How much of that gross profit comes from the state and municipal government extortion/ subsidy racket?

      Are crybabies welcome in an Amazon office or warehouse?

      1. Bill Smith

        How much of that gross profit comes from the state and municipal government extortion/ subsidy racket?

        How does that racket work?

        1. Boycott Amazon

          Is it not ironic that many Americans and many around the world will make a truly awful person, Jeff Bezos, the richest man in the world?

          Is there nothing that can make the human animal not consume? Even if he/she/it/zhe/ (whatever) knows that the products are Chinese made junk and the employees treated like slaves?

          We often hear the question about Nazi Germany ‘but why didn’t they do anything to stop it’, and yet people continue to shop at Amazon.

          I’ve often said ‘the fatal flaw of humans is their low average IQ’, I fear this simple fact will have horrific consequences (as if it hasn’t already).

            1. False Solace

              Agreed. The “fatal flaw” of humans is their lack of empathy for each other. It’s the same failure of moral imagination that leads the rich to destroy the poor and the environment solely to benefit themselves.

            2. MyLessThanPrimeBeef

              The one relationship I can hypothesize is this:

              The bigger the IQ, the direr the consequence of the ethical breach.

              1. zer0

                IQ has no real relation to anything that matters. It is a test designed by EU/US to strictly rank strength and speed of someone’s logic, in the narrow field of spatial, number, and alphanumeric manipulation. The fascination people have with IQ astounds me honestly: to take something as complex and varied as the human mind, and assign a single value, is IMO completely nonsensical.

                So when they say that African tribesmen have “low IQ”, I say DUH! Did they even take an IQ test? Tell me, is someone who learns to hunt, survive in the jungle/savannah, make weapons, etc. from a young age to adult hood going to score high on a test involving manipulation of symbols on a piece of paper? This is where Charles Murray and others completely fall apart, they seem to think that correlation of data on something as subjective as ‘intelligence’ means something.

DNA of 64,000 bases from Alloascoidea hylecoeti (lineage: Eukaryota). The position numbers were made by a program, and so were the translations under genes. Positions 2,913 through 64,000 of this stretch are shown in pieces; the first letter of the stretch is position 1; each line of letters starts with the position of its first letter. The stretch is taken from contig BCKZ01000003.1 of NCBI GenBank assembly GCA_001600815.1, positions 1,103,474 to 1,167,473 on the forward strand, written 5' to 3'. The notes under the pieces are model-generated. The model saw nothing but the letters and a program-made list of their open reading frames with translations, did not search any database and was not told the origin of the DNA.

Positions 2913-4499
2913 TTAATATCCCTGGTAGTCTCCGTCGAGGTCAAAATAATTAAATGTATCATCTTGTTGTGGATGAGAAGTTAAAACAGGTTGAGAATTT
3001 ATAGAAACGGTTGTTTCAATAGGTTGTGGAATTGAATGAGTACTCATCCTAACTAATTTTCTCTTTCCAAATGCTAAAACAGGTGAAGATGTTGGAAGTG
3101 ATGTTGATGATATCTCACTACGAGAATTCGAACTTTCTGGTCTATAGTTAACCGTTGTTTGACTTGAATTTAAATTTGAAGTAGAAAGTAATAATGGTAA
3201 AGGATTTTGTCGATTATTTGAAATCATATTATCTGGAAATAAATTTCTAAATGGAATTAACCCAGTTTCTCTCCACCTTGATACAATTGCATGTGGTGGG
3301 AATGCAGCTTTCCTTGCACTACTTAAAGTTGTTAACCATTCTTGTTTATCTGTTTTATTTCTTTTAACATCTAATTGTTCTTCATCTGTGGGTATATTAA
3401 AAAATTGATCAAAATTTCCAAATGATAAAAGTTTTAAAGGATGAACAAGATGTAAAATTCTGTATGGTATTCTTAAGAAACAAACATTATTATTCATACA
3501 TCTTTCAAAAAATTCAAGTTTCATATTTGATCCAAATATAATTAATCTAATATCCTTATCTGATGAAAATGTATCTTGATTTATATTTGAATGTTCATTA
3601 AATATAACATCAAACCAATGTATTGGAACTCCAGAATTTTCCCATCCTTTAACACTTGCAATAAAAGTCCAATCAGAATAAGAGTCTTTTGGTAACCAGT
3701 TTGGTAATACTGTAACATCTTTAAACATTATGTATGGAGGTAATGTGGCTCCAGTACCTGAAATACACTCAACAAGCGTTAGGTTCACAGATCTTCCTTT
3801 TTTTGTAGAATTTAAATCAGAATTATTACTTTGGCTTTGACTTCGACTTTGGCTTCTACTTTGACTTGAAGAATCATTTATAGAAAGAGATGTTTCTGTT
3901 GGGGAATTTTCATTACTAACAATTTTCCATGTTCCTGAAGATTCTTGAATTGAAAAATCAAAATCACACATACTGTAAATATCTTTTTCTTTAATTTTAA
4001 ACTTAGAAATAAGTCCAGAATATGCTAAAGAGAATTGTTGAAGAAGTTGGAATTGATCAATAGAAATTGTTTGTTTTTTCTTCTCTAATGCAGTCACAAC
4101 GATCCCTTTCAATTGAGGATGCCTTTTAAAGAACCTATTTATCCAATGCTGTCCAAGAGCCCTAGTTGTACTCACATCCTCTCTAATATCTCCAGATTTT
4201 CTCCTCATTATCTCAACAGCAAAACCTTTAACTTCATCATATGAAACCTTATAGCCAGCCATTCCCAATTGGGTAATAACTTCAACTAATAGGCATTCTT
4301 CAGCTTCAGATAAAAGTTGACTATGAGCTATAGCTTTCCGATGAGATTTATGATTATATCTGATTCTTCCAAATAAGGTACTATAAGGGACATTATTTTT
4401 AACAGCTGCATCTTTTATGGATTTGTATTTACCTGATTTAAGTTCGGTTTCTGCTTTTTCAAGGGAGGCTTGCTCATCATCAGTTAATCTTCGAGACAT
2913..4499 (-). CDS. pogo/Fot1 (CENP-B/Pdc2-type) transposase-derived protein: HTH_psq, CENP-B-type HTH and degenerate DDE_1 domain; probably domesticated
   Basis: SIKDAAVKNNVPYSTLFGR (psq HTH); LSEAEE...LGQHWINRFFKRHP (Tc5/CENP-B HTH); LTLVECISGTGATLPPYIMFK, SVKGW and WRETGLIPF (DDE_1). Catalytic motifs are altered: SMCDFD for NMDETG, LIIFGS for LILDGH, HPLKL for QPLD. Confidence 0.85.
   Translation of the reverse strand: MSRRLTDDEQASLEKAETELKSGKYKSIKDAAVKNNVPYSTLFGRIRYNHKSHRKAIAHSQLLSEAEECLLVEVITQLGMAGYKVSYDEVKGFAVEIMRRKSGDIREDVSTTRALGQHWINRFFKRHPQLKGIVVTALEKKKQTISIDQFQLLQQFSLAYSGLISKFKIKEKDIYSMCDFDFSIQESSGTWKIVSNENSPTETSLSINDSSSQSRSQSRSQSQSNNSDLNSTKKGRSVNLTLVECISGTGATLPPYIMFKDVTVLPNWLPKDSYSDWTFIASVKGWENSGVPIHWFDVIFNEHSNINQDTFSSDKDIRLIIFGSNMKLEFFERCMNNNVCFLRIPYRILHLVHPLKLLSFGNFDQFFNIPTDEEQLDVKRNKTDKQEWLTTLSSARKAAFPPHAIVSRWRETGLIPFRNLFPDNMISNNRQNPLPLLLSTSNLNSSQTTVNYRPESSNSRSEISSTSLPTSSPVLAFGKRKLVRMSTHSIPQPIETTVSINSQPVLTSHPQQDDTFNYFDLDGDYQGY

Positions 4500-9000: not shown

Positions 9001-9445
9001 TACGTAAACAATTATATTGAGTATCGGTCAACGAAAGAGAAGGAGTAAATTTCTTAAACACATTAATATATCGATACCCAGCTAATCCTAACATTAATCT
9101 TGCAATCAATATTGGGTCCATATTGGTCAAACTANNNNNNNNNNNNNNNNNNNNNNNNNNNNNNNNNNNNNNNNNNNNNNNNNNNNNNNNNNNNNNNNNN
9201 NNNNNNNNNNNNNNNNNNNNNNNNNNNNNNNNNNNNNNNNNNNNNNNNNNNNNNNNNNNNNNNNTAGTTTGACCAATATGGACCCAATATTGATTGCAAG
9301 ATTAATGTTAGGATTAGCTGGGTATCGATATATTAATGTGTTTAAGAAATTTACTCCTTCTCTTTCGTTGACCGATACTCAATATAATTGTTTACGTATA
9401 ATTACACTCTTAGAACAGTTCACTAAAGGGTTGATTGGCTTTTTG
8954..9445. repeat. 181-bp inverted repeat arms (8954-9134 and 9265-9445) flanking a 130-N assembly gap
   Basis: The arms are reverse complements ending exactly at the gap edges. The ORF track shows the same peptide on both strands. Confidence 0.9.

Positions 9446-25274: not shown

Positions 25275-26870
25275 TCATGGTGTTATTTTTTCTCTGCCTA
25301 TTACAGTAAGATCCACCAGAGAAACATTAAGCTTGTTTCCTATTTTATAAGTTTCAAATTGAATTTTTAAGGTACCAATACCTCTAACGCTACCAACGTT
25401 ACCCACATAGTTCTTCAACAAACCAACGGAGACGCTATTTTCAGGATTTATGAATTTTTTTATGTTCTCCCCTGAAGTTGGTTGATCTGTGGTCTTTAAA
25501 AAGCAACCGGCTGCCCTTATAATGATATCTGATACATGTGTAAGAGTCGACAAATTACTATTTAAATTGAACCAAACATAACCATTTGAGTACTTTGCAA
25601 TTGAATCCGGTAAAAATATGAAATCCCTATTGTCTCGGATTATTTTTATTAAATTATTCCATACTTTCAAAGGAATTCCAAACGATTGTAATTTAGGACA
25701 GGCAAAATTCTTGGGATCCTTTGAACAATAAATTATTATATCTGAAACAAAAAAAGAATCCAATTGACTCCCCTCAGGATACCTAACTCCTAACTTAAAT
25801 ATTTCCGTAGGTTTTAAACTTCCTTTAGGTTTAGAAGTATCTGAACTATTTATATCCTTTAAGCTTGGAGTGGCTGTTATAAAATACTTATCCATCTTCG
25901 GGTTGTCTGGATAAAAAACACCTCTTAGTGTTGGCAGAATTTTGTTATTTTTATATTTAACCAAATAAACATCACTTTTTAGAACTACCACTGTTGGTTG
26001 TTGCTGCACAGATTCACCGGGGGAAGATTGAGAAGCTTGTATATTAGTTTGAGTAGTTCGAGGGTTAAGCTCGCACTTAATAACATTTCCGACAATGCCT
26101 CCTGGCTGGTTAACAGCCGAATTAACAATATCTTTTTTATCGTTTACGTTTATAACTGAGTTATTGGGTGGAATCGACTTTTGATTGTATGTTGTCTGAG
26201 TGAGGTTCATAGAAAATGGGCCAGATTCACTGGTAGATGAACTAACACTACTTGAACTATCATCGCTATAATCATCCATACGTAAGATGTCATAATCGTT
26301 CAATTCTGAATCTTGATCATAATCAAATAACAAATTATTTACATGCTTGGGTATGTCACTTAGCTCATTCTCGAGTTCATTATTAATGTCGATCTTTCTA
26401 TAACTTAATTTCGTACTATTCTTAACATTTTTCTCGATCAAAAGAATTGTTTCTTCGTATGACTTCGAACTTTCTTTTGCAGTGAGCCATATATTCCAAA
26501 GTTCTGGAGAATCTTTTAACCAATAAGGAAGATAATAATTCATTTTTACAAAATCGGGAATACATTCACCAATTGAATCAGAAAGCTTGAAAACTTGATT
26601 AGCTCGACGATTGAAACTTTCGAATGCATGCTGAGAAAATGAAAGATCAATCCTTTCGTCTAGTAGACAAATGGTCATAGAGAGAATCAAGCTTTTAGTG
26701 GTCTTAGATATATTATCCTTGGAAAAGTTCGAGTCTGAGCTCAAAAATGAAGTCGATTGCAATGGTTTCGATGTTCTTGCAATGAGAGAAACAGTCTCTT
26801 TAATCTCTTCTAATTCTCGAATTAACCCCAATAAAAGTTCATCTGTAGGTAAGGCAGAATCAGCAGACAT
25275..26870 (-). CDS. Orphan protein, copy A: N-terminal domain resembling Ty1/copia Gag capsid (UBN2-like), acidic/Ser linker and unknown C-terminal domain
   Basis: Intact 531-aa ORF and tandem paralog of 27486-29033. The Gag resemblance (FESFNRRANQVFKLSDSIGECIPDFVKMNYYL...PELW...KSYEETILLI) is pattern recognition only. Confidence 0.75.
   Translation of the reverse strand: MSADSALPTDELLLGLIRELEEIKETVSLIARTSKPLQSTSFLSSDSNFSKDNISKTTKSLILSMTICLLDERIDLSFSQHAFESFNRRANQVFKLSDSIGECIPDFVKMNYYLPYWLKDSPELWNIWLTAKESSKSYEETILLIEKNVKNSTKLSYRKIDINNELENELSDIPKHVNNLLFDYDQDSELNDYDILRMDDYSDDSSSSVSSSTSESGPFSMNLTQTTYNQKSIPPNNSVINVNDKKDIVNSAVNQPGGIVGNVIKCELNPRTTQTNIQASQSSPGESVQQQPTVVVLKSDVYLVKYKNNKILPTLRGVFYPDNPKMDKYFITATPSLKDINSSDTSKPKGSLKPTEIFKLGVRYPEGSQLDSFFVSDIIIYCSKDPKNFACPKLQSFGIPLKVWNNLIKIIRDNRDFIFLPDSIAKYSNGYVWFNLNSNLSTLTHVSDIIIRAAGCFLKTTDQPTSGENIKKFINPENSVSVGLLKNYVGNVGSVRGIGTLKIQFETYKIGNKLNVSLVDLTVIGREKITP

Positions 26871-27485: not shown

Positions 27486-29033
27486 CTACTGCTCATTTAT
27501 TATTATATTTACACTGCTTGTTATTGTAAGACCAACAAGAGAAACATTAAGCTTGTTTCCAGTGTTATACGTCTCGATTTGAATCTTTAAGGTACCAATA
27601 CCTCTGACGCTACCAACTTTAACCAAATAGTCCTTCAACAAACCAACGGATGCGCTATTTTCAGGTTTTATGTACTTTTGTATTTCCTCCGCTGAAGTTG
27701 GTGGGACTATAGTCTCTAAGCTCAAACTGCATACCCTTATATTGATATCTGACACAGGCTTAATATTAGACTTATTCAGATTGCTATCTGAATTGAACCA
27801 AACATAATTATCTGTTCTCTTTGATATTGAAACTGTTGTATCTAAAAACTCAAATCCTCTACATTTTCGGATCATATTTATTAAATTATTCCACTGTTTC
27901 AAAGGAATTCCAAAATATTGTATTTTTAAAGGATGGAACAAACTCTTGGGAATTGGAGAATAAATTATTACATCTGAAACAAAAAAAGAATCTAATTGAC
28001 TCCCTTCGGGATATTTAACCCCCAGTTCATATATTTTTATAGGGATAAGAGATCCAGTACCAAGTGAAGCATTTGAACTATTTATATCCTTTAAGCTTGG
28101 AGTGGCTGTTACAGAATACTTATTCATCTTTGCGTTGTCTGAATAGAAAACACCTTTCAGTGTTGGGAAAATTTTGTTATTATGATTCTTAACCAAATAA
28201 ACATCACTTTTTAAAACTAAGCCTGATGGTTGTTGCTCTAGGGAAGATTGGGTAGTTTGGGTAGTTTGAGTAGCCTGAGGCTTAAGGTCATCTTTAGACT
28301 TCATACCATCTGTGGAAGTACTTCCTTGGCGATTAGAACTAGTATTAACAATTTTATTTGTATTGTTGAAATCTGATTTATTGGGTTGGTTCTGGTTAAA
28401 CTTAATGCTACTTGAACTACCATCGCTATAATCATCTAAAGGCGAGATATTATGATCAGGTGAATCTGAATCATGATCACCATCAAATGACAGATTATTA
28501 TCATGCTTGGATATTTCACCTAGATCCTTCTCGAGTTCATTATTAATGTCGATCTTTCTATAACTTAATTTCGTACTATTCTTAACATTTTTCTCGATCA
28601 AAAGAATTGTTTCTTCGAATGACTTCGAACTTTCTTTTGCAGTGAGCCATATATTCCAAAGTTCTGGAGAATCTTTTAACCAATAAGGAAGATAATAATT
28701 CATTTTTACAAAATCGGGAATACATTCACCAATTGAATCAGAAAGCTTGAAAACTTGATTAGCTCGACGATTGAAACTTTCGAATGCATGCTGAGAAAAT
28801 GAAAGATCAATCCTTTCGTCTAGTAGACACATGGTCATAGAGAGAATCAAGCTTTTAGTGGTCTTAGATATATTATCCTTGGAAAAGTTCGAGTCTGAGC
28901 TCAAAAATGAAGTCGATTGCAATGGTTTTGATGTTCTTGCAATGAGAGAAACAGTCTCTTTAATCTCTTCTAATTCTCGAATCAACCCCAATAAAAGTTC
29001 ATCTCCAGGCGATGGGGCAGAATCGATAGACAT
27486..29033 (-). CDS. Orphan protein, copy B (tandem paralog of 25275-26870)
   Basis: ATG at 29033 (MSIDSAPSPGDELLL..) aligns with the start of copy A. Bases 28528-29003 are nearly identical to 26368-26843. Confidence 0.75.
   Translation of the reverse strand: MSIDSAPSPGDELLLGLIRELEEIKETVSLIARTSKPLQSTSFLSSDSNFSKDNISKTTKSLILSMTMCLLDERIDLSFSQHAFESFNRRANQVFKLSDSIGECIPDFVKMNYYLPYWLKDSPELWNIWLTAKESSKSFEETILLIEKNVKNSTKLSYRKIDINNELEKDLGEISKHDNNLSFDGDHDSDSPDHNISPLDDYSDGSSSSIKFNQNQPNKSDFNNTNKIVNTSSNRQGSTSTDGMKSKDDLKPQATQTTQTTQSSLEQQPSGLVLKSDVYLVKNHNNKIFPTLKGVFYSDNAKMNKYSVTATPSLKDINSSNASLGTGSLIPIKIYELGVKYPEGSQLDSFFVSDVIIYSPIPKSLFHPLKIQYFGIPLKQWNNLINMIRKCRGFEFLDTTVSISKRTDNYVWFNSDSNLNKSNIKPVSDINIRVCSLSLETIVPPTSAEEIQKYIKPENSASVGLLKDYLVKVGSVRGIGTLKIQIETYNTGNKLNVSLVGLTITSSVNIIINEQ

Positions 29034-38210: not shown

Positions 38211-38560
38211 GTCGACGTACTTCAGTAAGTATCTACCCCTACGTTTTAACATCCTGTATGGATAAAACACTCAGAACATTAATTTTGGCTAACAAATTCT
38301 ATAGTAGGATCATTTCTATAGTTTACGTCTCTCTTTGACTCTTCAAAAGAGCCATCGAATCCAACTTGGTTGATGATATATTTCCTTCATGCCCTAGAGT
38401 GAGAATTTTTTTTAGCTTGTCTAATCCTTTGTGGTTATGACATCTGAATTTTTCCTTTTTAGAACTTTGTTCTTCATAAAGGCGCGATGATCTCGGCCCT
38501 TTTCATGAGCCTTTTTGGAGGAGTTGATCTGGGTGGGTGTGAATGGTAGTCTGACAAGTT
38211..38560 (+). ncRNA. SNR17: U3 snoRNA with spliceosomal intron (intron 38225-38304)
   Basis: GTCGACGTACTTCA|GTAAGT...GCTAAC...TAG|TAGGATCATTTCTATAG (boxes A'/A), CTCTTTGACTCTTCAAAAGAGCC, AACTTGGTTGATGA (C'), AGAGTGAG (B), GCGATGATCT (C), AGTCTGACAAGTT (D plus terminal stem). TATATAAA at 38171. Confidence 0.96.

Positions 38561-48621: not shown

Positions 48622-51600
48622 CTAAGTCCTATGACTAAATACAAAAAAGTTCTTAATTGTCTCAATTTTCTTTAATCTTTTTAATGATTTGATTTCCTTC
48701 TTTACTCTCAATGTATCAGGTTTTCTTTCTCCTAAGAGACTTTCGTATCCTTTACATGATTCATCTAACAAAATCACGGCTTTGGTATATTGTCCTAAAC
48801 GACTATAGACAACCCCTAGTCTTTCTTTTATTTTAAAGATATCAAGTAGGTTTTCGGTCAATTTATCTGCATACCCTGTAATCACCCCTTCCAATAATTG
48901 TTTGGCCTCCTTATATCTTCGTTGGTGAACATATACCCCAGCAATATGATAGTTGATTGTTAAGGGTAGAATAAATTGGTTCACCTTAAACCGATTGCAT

The fatal flaw of humans is their ego, more related to EQ, and completely unrelated to IQ. We have the capacity for almost limitless size and scope of our own ego, made worse by the tendency to worship other humans/objects.

                Amazon is essentially the dream come true for every ego: everything you could possibly want a few clicks away, delivered to your door, no questions or human interaction needed. It actually brings into question if humans are really a social species – it seems we can easily substitute human interaction with virtual interaction, and in most cases, do away with almost all of it anyways.

                It also brings into question why in this modern world with all of this godlike technology, does everyone seem to have less and less free time? Of course, ease-of-use is perhaps the #1 reason for online retail. But the absence of free time, both by the government imposing severe amounts of paperwork for every individual, the work-life schedule (really, is the 2 day weekend going to stay forever?), the plethora of activities one is essentially forced into by society (some form of social media, emails, texting, blogging, etc), the driving and commuting (now made even worse by the realstate booms that drove all but company headquarters out of the city, overpopulation, degradation of infrastructure, etc), etc.

                So you have all of this in addition to a government perfectly willing to allow a single corporation (and by extension, single individuals) to dominate an entire massive landscape, which includes: shipping, online retail, and web services/server space.

                1. Shane Mage

                  “why in this modern world with all of this godlike technology, does everyone seem to have less and less free time?” I suggest that a Universal Basic Income, providing everyone the regular receipt of enough numismata for a healthy existence without means-testing for any other source of “money,” would solve this problem by enabling everyone to avoid excessive labor time, the real disutility of alienated labor being so much greater (given an established adequate income) than the “enjoyments” procurable with marginal income obtainable through extra hours and days of useless and distasteful labor.

                  1. Lord Koos

                    There was a study done some time ago that estimated that so-called “primitive” humans had much more free time than most modern workers. Consider that we lived for millennia without having clocks everywhere. Many scientific discoveries, astronomy, math, etc were possible simply because people had a lot of time to observe the natural world. The subject of our bias towards modernism would make a fascinating book I think. Many seem to think that just because humans lived without modern conveniences, that they were also stupid.

                    1. The Rev Kev

                      There was a “Pirates of the Caribbean” film that actually had this idea featured. Captain Captain Jack Sparrow was talking to some British big-wig and in the background, if I recall, a huge clock was being raised for installation – a sign of a changing world.

                    2. Procopius

                      E.F. Schumacker, author of Small is Beautiful, once stated that a Burmese rice farmer had more free time than he did. He did not attempt to trade places with a Burmese rice farmer. I’ve seen how Thai rice farmers live and they do not really have that much free time, and their lives are not all that good.